The trial court ruled that the door to the proffer agreement had not been opened, but allowed the State to elicit testimony from the detective about the search, including testimony that suggested Rideaux was in the vehicle. The detective testified:
You know, he couldn't be specific with us. It was more of a — it happened so quick, a short distance, and then they got off 167.
Report of Proceedings (Sept. 12, 2006) at 129.
The State also elicited testimony rebutting the suggestion that Rideaux cooperated with police. The detective testified that Rideaux made inconsistent statements regarding his whereabouts the night of the shooting. Once police told Rideaux they had surveillance video from the club where he claimed to have been that night, he changed his story, saying he never went out.
On appeal, Rideaux contends his counsel was ineffective because no legitimate reason existed for counsel to elicit evidence that strongly suggested he was in the car at the time of the shooting. He further argues that this line of examination contradicted counsel's earlier opening statements that only non-credible evidence placed Rideaux in the car at the time of the shooting. He also argues that defense counsel compounded the error by arguing that Rideaux would have testified consistently with his statements to police if he had testified at trial.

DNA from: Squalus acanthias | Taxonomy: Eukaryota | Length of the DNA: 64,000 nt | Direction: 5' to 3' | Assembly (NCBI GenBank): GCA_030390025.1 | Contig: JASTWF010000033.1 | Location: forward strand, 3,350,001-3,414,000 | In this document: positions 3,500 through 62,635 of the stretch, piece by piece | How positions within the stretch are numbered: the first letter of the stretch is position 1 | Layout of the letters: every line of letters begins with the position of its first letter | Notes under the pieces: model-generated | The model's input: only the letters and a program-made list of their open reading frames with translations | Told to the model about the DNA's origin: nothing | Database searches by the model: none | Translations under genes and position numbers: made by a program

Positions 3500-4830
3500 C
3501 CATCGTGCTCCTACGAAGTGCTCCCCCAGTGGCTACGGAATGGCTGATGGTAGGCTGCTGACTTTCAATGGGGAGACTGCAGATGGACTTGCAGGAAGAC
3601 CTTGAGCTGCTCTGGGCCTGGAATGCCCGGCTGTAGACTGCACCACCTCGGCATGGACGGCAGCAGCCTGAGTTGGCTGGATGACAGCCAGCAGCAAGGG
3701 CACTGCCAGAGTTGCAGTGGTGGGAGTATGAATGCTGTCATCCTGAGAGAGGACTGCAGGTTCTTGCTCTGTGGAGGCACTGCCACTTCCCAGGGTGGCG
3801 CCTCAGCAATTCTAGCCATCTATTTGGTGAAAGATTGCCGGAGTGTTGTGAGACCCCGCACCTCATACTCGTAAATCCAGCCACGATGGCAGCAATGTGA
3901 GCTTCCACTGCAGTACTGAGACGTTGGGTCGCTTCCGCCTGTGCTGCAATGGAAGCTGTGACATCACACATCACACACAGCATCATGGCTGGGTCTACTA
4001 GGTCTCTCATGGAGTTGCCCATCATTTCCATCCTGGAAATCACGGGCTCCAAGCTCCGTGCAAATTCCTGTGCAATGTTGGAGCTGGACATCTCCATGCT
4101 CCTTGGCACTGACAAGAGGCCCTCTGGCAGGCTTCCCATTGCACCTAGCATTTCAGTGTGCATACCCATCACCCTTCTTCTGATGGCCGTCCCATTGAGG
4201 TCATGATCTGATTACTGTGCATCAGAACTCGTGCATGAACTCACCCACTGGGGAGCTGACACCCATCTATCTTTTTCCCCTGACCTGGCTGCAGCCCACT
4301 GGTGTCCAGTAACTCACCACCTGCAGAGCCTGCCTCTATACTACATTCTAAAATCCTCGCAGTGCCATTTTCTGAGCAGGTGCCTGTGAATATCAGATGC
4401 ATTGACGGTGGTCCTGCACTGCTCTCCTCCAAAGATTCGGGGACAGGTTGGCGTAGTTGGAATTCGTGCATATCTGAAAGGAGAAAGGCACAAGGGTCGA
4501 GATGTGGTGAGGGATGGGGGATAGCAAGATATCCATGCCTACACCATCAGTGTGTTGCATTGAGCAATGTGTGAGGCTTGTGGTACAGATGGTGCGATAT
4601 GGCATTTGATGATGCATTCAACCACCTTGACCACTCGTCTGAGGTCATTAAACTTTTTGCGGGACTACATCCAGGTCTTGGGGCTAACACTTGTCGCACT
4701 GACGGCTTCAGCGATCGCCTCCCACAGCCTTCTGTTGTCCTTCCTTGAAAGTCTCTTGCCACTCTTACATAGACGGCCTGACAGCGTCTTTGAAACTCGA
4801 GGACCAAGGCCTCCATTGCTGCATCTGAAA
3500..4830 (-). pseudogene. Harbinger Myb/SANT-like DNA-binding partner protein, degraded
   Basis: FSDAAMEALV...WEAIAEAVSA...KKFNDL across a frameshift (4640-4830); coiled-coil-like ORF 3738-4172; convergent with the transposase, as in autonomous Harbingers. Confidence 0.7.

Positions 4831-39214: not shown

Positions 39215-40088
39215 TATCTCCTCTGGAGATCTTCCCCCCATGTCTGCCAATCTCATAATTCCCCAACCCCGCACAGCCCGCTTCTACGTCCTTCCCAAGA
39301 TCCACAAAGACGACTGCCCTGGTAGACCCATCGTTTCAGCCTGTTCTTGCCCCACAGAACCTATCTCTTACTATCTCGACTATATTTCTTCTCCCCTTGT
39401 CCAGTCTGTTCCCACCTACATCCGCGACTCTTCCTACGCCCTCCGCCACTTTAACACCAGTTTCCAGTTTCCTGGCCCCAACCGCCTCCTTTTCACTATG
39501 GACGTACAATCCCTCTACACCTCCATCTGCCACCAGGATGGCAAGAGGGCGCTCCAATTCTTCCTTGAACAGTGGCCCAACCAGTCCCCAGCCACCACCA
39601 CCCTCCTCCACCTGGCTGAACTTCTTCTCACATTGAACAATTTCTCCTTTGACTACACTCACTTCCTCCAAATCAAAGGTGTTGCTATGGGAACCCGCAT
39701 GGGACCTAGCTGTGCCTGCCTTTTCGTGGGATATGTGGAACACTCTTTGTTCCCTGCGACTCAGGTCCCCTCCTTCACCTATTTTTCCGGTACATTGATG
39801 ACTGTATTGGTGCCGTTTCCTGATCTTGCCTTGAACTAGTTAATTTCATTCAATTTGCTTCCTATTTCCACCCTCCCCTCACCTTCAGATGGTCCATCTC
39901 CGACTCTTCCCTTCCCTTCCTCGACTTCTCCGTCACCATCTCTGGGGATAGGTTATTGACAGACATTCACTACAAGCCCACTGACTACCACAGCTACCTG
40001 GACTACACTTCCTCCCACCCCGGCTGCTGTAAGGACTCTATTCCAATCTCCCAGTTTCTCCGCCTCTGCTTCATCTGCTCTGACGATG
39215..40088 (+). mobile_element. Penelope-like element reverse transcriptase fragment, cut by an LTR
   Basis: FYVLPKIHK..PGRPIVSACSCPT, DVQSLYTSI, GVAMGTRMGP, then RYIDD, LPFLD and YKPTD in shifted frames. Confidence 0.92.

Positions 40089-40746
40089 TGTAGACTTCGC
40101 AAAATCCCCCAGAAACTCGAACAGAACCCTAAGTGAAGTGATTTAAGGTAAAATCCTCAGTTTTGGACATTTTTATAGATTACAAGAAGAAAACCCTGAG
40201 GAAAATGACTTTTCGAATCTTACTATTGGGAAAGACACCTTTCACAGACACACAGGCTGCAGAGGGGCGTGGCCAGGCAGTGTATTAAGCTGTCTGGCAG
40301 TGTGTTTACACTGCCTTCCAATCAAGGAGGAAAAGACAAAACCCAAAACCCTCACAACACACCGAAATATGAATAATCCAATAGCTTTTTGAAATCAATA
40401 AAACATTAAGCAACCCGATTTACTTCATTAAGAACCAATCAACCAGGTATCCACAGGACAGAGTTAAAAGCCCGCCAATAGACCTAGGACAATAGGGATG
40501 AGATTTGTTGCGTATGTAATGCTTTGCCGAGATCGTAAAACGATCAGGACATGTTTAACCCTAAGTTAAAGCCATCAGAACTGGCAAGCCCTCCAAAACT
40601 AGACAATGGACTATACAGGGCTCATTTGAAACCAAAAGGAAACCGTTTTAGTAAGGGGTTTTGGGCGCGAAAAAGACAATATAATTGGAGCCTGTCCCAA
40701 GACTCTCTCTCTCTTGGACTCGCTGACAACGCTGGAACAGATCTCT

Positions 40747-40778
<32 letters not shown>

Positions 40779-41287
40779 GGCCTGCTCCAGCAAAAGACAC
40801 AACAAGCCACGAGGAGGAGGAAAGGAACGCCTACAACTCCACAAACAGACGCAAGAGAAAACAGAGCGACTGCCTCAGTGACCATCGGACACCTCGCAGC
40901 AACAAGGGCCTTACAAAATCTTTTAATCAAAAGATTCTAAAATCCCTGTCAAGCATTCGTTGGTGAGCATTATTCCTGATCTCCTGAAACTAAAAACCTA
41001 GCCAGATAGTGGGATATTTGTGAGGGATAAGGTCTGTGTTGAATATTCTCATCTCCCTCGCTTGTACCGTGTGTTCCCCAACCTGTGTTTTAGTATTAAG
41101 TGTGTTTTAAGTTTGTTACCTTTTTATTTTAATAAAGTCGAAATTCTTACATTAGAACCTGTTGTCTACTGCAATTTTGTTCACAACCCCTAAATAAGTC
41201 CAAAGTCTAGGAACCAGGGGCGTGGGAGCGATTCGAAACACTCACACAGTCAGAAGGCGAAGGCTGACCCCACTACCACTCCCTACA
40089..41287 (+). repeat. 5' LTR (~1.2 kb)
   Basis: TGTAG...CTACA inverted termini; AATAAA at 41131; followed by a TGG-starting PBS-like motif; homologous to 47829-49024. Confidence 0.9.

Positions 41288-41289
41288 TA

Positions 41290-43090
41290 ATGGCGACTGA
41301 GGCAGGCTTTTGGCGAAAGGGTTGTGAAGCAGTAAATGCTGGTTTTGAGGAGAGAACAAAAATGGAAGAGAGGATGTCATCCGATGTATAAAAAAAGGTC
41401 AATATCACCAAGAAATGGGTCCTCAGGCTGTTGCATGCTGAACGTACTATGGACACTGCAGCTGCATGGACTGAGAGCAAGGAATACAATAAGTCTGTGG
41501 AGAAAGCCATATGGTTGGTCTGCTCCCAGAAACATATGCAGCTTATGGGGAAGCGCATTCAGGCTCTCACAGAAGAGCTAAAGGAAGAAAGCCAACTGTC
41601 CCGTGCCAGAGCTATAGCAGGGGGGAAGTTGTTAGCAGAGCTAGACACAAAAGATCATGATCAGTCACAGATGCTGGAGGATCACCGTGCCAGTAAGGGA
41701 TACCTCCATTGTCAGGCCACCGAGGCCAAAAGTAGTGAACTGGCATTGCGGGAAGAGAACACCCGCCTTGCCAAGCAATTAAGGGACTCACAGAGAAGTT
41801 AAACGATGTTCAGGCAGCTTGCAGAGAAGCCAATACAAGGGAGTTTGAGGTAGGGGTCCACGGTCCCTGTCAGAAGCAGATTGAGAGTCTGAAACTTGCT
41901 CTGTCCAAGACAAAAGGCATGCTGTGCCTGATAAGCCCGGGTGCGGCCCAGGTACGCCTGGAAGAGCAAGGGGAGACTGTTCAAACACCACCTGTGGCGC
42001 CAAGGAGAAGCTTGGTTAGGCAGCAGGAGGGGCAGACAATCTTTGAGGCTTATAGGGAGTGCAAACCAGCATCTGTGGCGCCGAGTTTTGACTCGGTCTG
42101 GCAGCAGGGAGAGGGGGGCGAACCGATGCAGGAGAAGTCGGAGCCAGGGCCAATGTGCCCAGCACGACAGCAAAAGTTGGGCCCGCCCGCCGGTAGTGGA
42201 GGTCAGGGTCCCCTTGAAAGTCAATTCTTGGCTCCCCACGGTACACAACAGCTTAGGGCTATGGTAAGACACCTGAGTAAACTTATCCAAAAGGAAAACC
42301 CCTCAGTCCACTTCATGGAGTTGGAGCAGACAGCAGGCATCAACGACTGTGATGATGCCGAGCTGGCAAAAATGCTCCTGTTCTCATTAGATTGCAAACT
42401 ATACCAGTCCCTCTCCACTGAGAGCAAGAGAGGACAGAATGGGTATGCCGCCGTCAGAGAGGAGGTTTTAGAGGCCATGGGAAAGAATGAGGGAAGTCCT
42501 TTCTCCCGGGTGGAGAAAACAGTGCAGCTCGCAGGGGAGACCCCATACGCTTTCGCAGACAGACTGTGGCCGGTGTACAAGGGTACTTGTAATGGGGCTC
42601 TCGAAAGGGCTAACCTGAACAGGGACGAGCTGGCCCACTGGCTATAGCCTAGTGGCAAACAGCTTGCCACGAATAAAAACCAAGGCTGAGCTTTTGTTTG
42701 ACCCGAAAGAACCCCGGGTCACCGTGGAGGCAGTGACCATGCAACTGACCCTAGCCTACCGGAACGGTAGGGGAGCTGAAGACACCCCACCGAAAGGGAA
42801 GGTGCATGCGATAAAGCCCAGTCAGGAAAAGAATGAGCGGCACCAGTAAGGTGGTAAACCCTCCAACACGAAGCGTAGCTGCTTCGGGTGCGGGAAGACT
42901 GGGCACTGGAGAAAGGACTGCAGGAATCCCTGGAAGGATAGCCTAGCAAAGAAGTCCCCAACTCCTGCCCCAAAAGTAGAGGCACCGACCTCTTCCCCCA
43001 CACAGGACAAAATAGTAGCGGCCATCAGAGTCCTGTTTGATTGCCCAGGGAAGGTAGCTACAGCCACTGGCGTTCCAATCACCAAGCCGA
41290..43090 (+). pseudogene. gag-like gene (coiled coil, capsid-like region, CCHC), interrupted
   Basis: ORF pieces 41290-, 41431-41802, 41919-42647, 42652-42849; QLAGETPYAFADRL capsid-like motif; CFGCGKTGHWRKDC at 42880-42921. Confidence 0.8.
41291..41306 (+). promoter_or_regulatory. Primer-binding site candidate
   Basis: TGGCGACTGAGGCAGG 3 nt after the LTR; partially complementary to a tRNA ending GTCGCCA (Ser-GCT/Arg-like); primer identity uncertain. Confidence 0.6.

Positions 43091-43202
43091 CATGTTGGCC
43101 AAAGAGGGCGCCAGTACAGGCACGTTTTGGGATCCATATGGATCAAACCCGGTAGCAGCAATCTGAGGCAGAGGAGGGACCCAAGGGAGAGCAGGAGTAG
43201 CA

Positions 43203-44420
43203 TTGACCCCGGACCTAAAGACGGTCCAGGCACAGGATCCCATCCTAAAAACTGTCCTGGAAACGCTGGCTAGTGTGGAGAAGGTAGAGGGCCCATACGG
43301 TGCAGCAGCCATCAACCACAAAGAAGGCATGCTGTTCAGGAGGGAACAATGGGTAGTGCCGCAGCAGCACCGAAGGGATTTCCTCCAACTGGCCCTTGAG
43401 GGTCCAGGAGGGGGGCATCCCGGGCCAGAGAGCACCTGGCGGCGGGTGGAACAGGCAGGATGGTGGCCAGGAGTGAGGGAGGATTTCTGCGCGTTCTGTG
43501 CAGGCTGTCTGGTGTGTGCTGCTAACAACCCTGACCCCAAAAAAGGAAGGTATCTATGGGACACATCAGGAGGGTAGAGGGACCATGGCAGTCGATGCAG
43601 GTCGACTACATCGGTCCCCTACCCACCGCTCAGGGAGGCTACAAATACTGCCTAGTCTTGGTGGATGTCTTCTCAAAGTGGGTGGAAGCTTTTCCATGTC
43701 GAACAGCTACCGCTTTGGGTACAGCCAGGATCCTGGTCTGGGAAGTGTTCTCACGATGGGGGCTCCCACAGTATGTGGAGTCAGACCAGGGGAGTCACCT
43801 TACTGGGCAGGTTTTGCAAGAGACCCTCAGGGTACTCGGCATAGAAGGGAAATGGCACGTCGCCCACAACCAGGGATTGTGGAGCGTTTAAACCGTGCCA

This, he argues, paved the way for the State to argue in rebuttal that Rideaux would have testified untruthfully if he had testified.
We need not decide whether defense counsel's performance was deficient. We note that while in hindsight defense counsel's tactic may have been unwise, this does not render the tactic itself illegitimate.
See Strickland, 466 U.S. at 689 ("A fair assessment of attorney performance requires that every effort be made to eliminate the distorting effects of hindsight . . . and to evaluate the conduct from counsel's perspective at the time.").
More importantly, Rideaux fails to establish there is a reasonable probability that but for his counsel's performance the outcome of his trial would have been different. The record contains substantial evidence to support the jury's verdict that Rideaux was in the vehicle at the time of the shooting. The testimony elicited by defense counsel during the examination of the detective added nothing of substance. Eyewitnesses Rodriguez and Rae testified that Rideaux was in the car and was the shooter. Pettit and Mattos testified that Rideaux confessed to being the shooter. It is pure speculation to argue that without the testimony of Detective Jones placing him at the scene of the shooting, the jury might have disbelieved the testimony of Rodriguez and Rae.
See Strickland, 466 U.S. at 694.
Finally, Rideaux argues it is significant that the jury requested copies of his statements to police. We will not speculate on why the jury made the request. We note that both parties asked Detective Jones about what Rideaux did and did not say in his statements to police. It is entirely plausible that the jury sought to review the requested material for clarification. This does nothing to advance Rideaux's arguments.
Rideaux fails to demonstrate that his counsel at trial was ineffective.
Rideaux argues the State committed misconduct by referring to defense arguments as "tricks." We disagree.